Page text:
Our World Tuesday: Playing Our Song
On Saturday, Adella had her audition for the north region's music ensemble. It was nerve-wracking. Held at Avon High School, which looks more like a corporate complex than a public school (it's clean, naturally lit, spacious, and decorated with student work in a variety of media and disciplines), the audition requires an hour of travel and passage through a long corridor of anxious parents who look like they're waiting for the electric chair before the students come face to face with their adjudicators. Honestly, I'd prefer the hangman to the sight of some of these anxious parents. I don't do that kind of anxiety anymore. I want my kid to make it, but I'm happy to believe she'll do her best and what will be will be. At the end of the day, she will be Adella and I will be Sandy, and we will breathe, eat, walk the dogs, and go to bed.
Adella said there were parents who came into the warm-up room to stare at their kids, and it was blood-curdling. I'll take her word for it. I was sitting in a comfortable place reading How to Teach Shakespeare to Your Kids by natural light. I was in my zone; Adella was in hers. Ed was talking to some guy about sports. As a public school teacher, I was happy to be blown away by how much time, effort, and other resources (yes, tax-payers, your precious money and mine) go into creating opportunities to give their best, come what may. The free world is a damned exciting place. I was conscious as I read my book of all the parents around me who were speaking the languages of countries that outshine us in myriad ways. I wondered how many American kids were running off to India and China to compete for a place in an ensemble. (There I go being a smug American. But I see it as a tax payer and a teacher as well as the daughter of a family of veterans who have paid the ultimate price and every other price for the privilege to be here. I pay a pretty high price, too, and I will happily and humbly tell you what it is to be American. Compassion is always a part of my story. So I could read a book while the folks from those up and coming nations pressed their little heads against the cold, hard bricks of the wall. We've paid the price, I thought, and you're welcome to be here. You keep the standards high.)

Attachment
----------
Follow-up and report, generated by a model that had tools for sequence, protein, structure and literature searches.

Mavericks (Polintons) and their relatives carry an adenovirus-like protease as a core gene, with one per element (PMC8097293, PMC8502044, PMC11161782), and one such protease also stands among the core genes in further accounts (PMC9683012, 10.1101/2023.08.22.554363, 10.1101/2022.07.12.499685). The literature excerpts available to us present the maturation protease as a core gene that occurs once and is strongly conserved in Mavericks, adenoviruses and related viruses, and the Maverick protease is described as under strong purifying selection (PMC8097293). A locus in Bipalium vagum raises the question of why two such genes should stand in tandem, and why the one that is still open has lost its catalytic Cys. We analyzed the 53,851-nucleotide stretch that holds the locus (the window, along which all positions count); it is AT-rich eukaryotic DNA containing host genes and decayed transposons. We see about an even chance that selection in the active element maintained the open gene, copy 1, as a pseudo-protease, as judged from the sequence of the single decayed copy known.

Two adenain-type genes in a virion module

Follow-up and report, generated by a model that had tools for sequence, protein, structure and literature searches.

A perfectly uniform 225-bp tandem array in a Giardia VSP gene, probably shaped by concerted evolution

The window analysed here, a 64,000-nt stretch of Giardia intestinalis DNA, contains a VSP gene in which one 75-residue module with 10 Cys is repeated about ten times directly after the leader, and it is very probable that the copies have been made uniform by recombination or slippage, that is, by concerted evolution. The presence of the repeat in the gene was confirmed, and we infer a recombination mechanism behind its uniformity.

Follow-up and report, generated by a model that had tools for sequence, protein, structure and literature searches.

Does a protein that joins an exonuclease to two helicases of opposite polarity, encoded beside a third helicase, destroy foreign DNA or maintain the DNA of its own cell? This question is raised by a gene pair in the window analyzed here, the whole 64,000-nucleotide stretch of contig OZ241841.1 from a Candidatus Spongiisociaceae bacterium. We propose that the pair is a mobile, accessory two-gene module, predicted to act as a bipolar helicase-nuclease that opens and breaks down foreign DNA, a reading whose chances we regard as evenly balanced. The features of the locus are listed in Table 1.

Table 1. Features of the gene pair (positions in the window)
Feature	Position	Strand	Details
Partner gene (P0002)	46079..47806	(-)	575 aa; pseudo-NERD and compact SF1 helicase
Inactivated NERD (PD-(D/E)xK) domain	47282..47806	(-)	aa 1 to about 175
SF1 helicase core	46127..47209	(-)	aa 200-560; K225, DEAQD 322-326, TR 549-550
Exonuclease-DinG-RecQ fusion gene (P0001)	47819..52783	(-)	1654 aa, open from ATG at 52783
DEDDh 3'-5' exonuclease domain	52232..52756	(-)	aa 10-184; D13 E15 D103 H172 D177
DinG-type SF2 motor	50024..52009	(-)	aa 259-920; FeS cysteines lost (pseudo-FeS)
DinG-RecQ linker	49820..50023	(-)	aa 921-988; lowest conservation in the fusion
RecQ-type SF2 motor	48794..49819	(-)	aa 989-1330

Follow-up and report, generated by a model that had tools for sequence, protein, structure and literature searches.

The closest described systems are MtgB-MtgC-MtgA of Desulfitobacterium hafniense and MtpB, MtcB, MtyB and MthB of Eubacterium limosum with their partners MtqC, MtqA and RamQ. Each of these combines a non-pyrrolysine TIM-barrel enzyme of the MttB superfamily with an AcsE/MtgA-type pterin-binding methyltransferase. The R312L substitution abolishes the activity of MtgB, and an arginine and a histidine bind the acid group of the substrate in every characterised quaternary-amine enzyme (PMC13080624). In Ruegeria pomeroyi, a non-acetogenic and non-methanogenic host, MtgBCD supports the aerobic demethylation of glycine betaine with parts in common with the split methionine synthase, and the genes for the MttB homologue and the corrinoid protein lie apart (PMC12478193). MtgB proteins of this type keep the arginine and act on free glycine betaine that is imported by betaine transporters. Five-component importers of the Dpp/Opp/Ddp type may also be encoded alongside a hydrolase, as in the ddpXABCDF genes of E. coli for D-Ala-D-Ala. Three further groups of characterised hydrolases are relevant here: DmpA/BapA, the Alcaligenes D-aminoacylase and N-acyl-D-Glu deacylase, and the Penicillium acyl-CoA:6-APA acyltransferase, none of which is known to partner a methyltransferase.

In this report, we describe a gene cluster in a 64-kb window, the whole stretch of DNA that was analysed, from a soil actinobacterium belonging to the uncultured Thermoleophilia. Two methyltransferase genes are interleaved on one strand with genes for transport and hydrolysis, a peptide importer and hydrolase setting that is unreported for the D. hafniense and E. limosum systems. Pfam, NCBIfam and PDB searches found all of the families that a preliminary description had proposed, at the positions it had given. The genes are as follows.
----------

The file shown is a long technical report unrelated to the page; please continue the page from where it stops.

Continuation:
Of course, I bragged on the kid at school today. One of my colleagues heard me going on about Adella with an administrator, so he came up and asked me to tell him, too. He wanted to be happy for her, too. "She's having fun. That's good," he said. This guy's been teaching in public schools for 35 years; he knows what's important.
Also teaching in public schools is the excellent North Carolina music teacher who has been working with my daughter via Facetime every week since June. She is a fabulous woman who can relate to my daughter and can listen and respond and take my daughter to bigger and better musical places. I am grateful to her for all she has done.
Hard work pays. And your puppy is waiting for you at the end of the day. This is America, and it's good.
Our World Tuesday